Ultrasound diagnostics of renal artery stenosis: Stenosis criteria, CEUS and recurrent in-stent stenosis

W Schäberle, L Leyerer, W Schierling, K Pfister
Gefässchirurgie: Zeitschrift Für Vaskuläre und Endovaskuläre Chirurgie 2016, 21: 4-13

BACKGROUND AND PURPOSE: As a non-invasive, side effect-free and cost-effective method, ultrasonography represents the method of choice for the diagnosis of renal artery stenosis. Four different criteria in total, including two direct criteria in peak systolic velocity (PSV) and renal aortic ratio (RAR) and two indirect criteria in resistance index (RI) and acceleration time (AT) for the measurement of relevant renal artery stenosis are described, each demonstrating highly variable accuracy in studies. Furthermore, there is controversy over the degree beyond which stenosis becomes therapeutically relevant and which ultrasound PSV is diagnostically relevant in terms of stenosis grading.

MATERIAL AND METHODS: This article gives a critical review based on a selective literature search on measurement methodology and the validity of ultrasound in renal artery stenosis. A critical evaluation of methods and a presentation of measurement principles to establish the most precise measurement method possible compared with the gold standard angiography, as well as an evaluation of the importance of computed tomography angiography (CTA) and magnetic resonance angiography (MRA).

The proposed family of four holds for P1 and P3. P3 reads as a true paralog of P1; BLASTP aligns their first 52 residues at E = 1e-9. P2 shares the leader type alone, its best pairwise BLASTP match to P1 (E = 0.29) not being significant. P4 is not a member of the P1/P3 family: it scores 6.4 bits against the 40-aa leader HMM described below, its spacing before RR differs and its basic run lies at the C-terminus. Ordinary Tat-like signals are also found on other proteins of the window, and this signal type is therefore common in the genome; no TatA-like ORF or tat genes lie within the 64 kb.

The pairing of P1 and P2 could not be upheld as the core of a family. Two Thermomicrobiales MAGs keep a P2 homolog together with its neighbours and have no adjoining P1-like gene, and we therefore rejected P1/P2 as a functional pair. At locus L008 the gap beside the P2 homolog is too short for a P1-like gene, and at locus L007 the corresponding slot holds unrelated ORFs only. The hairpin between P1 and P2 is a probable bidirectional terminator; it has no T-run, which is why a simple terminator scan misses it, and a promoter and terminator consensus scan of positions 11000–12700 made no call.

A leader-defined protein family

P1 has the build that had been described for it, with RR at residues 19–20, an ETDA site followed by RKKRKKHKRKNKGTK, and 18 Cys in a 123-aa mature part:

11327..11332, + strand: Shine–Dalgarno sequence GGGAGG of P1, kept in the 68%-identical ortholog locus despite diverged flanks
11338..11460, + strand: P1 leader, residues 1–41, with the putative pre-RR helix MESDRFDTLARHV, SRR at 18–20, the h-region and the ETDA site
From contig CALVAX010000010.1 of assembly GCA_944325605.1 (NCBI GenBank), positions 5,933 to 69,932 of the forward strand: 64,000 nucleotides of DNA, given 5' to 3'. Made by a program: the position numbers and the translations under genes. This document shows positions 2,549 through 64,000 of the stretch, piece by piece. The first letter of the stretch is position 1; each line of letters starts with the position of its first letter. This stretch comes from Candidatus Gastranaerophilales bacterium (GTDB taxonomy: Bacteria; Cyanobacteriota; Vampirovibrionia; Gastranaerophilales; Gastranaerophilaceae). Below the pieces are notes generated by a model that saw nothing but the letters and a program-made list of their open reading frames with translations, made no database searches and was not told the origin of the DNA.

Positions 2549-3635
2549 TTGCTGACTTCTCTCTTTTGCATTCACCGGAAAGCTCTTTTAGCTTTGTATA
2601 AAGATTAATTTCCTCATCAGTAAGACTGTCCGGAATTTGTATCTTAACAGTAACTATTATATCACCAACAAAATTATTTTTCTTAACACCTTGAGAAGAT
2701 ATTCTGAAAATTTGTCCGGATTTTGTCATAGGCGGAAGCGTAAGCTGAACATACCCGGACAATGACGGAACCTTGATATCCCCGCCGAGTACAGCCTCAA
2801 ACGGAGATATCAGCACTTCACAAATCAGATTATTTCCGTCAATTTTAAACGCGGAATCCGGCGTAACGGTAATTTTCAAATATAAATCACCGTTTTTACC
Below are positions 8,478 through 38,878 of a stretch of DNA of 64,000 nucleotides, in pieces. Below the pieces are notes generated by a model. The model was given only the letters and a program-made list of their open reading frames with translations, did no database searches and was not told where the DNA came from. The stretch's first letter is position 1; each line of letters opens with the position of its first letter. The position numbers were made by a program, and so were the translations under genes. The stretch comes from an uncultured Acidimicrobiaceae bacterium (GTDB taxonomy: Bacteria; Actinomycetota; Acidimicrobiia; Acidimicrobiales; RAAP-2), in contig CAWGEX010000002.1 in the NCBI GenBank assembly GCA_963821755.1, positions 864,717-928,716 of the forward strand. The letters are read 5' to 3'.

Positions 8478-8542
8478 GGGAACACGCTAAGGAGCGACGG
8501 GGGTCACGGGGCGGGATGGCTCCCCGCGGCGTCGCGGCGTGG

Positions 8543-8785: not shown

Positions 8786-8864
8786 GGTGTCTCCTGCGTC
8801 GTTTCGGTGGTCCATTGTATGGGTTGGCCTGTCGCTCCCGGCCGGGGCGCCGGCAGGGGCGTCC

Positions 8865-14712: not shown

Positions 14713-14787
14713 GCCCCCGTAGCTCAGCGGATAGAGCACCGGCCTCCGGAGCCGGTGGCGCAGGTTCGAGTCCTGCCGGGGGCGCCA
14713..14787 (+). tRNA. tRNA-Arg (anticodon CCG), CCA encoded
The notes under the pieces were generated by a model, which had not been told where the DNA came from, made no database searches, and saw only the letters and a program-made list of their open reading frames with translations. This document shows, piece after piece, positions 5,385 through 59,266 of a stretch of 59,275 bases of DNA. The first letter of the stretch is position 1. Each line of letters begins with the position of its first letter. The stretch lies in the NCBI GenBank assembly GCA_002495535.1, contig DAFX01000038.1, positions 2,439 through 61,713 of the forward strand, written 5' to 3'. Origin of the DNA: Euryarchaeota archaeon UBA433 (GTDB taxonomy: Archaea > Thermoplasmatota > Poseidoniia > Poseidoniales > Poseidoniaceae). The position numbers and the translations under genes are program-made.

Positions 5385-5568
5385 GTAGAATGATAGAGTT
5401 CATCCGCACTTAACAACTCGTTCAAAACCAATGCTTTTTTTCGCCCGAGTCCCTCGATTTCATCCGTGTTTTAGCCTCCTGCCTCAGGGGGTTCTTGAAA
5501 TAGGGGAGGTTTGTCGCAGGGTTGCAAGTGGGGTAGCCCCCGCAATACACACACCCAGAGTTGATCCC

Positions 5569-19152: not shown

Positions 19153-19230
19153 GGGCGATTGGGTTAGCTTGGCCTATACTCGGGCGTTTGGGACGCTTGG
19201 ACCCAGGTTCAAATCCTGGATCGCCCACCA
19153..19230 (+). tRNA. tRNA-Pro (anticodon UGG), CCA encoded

RESULTS AND CONCLUSIONS: The PSV provides high sensitivity and specificity as a direct measurement method in stenosis detection and grading. Most studies found sensitivities and specificities of 85-90 % for > 50 % stenosis at a PSV > 180-200 cm/s in ROC curve analysis. Other methods, such as the ratio of the PSV in the aorta to the PSV in the renal artery (RAR) or indirect criteria, such as side to side differences in RI (dRI) or AT can be additionally used to improve accuracy. Contrast-enhanced ultrasound improves accuracy by means of echo contrast enhancement. Although in the past only high-grade stenosis was considered relevant for treatment, a drop in pressure of > 20 mmHg in > 50 % stenosis (PSV 180 cm/s) is classified as relevant for increased renin secretion. Stenosis in fibromuscular dysplasia can be reliably graded according to the continuity equation. Although the available studies on the grading of in-stent restenosis are the subject of controversy, there is a tendency to assume higher cut-off values for PSV and RAR. Whilst MRA and CTA demonstrate an accuracy of > 90 %, this is at the cost of possible side effects for patients, particularly in the case of pre-existing renal parenchymal damage.

ADDITIONAL ONLINE MATERIAL: This article includes two additional video sequences on visualizing renal artery stenosis. This supplemental material can be found under:

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